Use this URL to cite or link to this record in EThOS: https://ethos.bl.uk/OrderDetails.do?uin=uk.bl.ethos.776736
Title: The use of fertilizers on grassland, with particular reference to organic manure
Author: Drysdale, Alexander Douglas
Awarding Body: University of Glasgow
Current Institution: University of Glasgow
Date of Award: 1964
Availability of Full Text:
Access from EThOS:
Access from Institution:
Abstract:
Constituents of the urine of livestock which could have an effect on pasture include nitrogen, phosphorus, potassium, water, indole-acetic acid, hormones and other substances, yet despite its high potential value as a fertilizer, virtually all the urine produced by stock in winter runs to waste. This waste of urine constitutes an important loss of plant nutrients but in addition it causes a pollution problem in water courses. The logical solution is the use of the urine as a liquid manure on the land but much more detailed and conclusive knowledge is required of its effect on plant growth, and in this thesis three experiments are reported in which different agronomic aspects of the use of the liquid manure on grassland have been studied. In the first experiment a preliminary comparison was made of the value of applications of liquid manure, conventional dry fertilisers ("Nitro-Chalk", muriate of potash and superphosphate) and water. In the second experiment detailed information was collected on the interaction of five application rates of liquid manure supplying from 0 to 400 lb nitrogen/acre and three application rates of fertilizer nitrogen ("Nitro-Chalk") supplying from 0 to 200 lb nitrogen/acre, with and without phosphate and potash fertilizers, when applied to a perennial ryegrass and white clover sward. The third experiment compared dressings of liquid manure and of dry fertilizer applied at the same time, both treatments supplying 69 lb nitrogen and 114 lb potassium/acre and applied in different months during the winter on six types of sward. These experiments explained many of the contradictory results obtained from earlier trials in which the effect of urine on pasture was studied. In the first two experiments in which applications were made in summer, liquid manure and dry fertilizer treatments which supplied equal or almost equal amounts of nitrogen and potassium resulted in similar yields of herbage, but the percentages of clover were higher and the yield of clover approximately double with the liquid manure treatments. In the third experiment substantial increases in herbage yield were obtained from winter applications of liquid manure, and these increases were again similar to those from the dry fertilizer. The responses were different from the six types of sward and also varied from month to month but it was found that dressings of liquid manure applied in February generally had the maximum effect on each sward. The effect of liquid manure was attributed mainly to its content of nitrogen and potassium. Although the liquid manure had only a very low phosphorus content, supplementing it with dressings of phosphate fertilizer had no effect on yield in the first experiment and gave only small increases at the high levels of nitrogen application in the second experiment. She water content of the liquid manure had no effect in itself on the yield of herbage or of clover, but the pH and the ammonia nitrogen contents of the liquid manure were higher than those of the dry fertilizer and this was suggested tentatively as a possible reason for the different effects that liquid manure and fertilizers had on clover. Botanical data obtained from the second experiment showed that changes in the clover cover of the sward on plots receiving liquid manure were generally compensated for by changes in the perennial ryegrass cover, and the total area occupied by clover plus ryegrass was similar under all treatments. The weed cover was decreased considerably by liquid manure applications and there was a corresponding increase in the proportion of bare ground. Liquid manure had a high potassium to nitrogen ratio and its application resulted in a marked increase in the potassium content of the soil and of the herbage, and a concomitant decrease in the calcium, magnesium, sodium and phosphorus contents of the herbage. This effect tended to be greater than that caused by applications of equivalent or almost equivalent levels of dry fertilizer and might be of considerable practical importance since the ratio of (using milli- equivalents) was increased to a level which in experiments elsewhere has shown a statistically significant correlation with an increased incidence of hypomagnesaemic tetany in dairy cows.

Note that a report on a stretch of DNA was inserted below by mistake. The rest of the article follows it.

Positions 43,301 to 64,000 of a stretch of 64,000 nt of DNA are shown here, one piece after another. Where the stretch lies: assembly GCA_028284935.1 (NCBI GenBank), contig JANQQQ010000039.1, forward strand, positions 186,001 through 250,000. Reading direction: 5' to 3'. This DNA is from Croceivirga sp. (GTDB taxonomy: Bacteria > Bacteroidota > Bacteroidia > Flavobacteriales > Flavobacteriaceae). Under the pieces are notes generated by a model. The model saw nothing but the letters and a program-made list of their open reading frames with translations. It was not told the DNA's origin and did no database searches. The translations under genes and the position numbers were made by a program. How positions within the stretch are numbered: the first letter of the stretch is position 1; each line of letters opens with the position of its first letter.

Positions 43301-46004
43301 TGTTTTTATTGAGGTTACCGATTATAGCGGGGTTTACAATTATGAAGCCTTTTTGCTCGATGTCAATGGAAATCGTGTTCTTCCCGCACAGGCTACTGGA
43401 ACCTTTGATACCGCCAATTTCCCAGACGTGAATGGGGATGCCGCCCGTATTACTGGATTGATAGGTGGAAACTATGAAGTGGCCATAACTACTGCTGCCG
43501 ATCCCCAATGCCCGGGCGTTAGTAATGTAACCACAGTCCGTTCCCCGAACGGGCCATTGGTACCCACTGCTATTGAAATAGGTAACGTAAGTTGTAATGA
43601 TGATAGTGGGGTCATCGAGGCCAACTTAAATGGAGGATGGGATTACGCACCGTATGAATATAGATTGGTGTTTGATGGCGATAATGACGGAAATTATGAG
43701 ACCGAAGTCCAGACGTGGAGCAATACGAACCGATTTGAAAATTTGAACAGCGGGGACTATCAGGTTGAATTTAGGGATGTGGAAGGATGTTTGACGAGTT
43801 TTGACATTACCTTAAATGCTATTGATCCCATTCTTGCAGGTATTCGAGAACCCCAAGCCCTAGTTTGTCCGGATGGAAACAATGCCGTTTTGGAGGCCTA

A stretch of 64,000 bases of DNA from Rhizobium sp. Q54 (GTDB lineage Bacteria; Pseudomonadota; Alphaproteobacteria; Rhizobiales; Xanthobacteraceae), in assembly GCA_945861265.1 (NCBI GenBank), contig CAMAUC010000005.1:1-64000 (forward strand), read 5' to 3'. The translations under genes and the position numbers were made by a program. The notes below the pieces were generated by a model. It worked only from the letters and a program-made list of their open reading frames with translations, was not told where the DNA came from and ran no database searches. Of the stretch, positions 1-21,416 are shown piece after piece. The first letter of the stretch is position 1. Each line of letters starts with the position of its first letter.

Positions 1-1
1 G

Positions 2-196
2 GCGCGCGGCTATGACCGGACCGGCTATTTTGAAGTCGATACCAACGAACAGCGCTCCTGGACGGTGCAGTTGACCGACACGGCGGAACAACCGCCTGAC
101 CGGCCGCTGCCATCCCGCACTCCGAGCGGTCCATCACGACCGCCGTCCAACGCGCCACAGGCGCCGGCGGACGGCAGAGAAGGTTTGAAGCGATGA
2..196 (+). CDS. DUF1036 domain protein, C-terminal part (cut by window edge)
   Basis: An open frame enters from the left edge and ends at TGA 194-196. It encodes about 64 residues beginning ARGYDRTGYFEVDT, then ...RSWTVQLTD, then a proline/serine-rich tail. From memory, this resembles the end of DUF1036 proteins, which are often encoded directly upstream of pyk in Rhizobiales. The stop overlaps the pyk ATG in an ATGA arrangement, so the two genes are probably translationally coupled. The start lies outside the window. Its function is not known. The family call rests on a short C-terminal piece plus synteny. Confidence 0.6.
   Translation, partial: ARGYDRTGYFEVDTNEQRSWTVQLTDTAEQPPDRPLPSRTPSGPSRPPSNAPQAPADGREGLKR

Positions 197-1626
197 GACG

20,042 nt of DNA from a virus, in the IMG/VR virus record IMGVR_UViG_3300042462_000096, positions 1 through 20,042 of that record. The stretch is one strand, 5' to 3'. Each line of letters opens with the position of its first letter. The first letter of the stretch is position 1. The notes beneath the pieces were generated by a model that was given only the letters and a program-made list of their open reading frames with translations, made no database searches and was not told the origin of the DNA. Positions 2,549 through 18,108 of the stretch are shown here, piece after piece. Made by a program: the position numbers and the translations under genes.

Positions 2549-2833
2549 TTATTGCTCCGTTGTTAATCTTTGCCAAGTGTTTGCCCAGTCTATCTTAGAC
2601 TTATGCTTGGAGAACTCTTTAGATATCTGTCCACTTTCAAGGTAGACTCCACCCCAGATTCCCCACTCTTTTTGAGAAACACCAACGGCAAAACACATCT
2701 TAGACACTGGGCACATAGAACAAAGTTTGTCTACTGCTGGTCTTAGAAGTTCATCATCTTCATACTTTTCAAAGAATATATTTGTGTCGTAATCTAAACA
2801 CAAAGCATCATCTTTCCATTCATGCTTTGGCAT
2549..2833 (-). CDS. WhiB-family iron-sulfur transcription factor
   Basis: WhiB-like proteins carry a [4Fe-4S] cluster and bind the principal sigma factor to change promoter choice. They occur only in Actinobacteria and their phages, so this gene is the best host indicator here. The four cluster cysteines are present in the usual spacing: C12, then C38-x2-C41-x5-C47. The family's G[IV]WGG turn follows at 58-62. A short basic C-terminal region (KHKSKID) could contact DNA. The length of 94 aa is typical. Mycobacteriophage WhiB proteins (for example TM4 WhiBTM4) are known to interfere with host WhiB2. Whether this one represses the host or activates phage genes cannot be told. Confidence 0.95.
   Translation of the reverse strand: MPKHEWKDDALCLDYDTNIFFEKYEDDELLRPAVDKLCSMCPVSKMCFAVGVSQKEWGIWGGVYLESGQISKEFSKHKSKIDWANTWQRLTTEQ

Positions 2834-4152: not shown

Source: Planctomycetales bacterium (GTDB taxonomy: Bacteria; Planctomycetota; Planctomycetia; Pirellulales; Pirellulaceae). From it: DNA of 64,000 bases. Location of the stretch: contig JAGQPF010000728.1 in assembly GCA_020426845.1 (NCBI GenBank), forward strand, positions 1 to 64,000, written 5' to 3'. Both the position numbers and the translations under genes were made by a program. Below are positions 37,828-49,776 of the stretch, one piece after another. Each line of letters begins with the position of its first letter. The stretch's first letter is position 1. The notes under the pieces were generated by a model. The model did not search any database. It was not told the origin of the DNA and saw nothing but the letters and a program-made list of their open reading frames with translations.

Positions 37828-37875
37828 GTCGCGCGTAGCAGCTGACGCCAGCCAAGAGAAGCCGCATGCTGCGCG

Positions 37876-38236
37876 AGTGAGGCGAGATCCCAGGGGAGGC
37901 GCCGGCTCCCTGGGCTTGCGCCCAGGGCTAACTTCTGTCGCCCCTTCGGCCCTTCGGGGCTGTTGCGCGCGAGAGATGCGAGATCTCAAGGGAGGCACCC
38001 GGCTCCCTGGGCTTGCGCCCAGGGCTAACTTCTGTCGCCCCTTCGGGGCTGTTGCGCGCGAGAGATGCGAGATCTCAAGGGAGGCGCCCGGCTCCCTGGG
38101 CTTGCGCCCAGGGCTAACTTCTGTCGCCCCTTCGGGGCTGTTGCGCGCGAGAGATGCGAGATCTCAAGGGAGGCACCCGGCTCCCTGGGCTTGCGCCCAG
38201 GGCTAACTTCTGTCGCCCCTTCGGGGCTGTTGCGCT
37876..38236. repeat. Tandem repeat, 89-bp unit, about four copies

Supervisor: Not available Sponsor: Not available
Qualification Name: Thesis (Ph.D.) Qualification Level: Doctoral
EThOS ID: uk.bl.ethos.776736  DOI: Not available
Share: